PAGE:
For each load of three separate lots bioburden testing must be performed. Bioburden is the natural level of microorganisms that are on a product or device. This testing ensures that the product bioburden is consistent and does not contain more microorganisms that the intended PCD. This is done pre-sterilization. Bacteriostasis and fungistasis must be performed following sterilization for one load to confirm that the product has no bacteriostatic or fungistatic properties which might interfere with the test results. Product sterility testing must be performed following each of the sub-lethal and half cycles to confirm the sterility assurance level has been met.
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There are two types of BI/PCDs used, internal and external. Internal PCDs are placed in the hardest to sterilize positions of the device and external PCDs are placed externally to the load and will be used to monitor routine processes. When performing a sub-lethal cycle you are looking for partial positives and partial negatives. What this means is that you want the product sterility and internal BI/PCDs to be all negative but want the external BI/PCDs biological indicators to have a mix of positive and negative. This confirms that the product is less resistant to the sterilization process than the PCD.
With a half cycle you want everything to be negative, both products and internal and external PCDs. This demonstrates the 6 log spore reduction. The full cycle is more representative of the routine load therefore it has limited microbiological testing. The full cycles require external PCDs which must all be negative, and samples for residue testing. Ethylene oxide sterilization often leaves EO residua and ethylene chlorohydrin residues. Samples must be tested to detect the levels of patient exposure. All samples must be compliant with the most recent version of ANSI/AAMI/ISO 10993-7 entitled, Biological Evaluation of Medical Devices – Part 7: Ethylene Oxide Sterilization Residuals.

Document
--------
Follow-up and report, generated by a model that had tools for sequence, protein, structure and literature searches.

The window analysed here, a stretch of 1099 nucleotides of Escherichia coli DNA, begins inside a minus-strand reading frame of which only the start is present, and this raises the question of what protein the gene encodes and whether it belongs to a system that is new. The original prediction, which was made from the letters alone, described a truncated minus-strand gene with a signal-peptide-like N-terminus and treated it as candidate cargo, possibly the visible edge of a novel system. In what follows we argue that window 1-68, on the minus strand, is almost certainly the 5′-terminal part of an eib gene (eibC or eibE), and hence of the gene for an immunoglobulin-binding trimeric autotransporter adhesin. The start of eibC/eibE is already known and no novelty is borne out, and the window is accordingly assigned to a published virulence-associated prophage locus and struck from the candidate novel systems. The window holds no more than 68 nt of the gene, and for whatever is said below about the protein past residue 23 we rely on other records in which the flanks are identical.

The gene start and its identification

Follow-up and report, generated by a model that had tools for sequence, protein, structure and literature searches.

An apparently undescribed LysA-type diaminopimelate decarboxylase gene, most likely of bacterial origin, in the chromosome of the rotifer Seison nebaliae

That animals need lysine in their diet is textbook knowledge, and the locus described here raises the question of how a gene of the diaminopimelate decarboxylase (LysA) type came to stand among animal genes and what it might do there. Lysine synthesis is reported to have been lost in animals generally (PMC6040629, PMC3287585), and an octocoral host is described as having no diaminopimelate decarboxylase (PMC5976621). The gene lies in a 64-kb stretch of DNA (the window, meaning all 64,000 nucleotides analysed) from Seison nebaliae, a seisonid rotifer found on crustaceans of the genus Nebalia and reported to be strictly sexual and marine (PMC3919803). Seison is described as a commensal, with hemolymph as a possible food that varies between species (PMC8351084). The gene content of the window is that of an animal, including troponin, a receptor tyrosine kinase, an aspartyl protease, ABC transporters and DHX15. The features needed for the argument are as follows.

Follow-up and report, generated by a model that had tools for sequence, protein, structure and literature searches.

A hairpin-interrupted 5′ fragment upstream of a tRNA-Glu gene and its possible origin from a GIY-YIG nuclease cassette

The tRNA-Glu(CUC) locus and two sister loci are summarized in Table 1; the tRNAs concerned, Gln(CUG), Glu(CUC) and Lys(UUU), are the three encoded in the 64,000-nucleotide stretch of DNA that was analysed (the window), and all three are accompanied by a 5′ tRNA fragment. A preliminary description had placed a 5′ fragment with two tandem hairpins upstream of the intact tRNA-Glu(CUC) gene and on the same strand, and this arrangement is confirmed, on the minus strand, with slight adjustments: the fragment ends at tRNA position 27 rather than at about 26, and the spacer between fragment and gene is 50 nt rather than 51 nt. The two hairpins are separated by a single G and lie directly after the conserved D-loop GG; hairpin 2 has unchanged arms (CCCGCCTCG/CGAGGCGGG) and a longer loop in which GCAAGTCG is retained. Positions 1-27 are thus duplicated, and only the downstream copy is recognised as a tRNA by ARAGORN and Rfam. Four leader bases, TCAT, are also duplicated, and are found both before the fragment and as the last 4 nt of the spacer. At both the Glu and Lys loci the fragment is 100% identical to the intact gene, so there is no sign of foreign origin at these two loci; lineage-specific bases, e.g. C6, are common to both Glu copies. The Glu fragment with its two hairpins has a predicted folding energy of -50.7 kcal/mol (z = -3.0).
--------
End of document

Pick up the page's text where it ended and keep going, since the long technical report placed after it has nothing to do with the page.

After the microbiological and physical PQs have been completed a report is generated to present all of the data. The process is then considered qualified and may begin to be used for routine sterilization. Although the cycle has been qualified, it is recommended by AAMI that a requalification be performed annual and consist of at a minimum a documented review of all applicable processes to verify that nothing has changed that would affect the process. It is recommended that a revalidation study using a minimum of a 1 half-exposure cycle run at minimum conditions be performed at least every two years. In case of significant changes, the appropriateness of the revalidation time and criteria will be evaluated.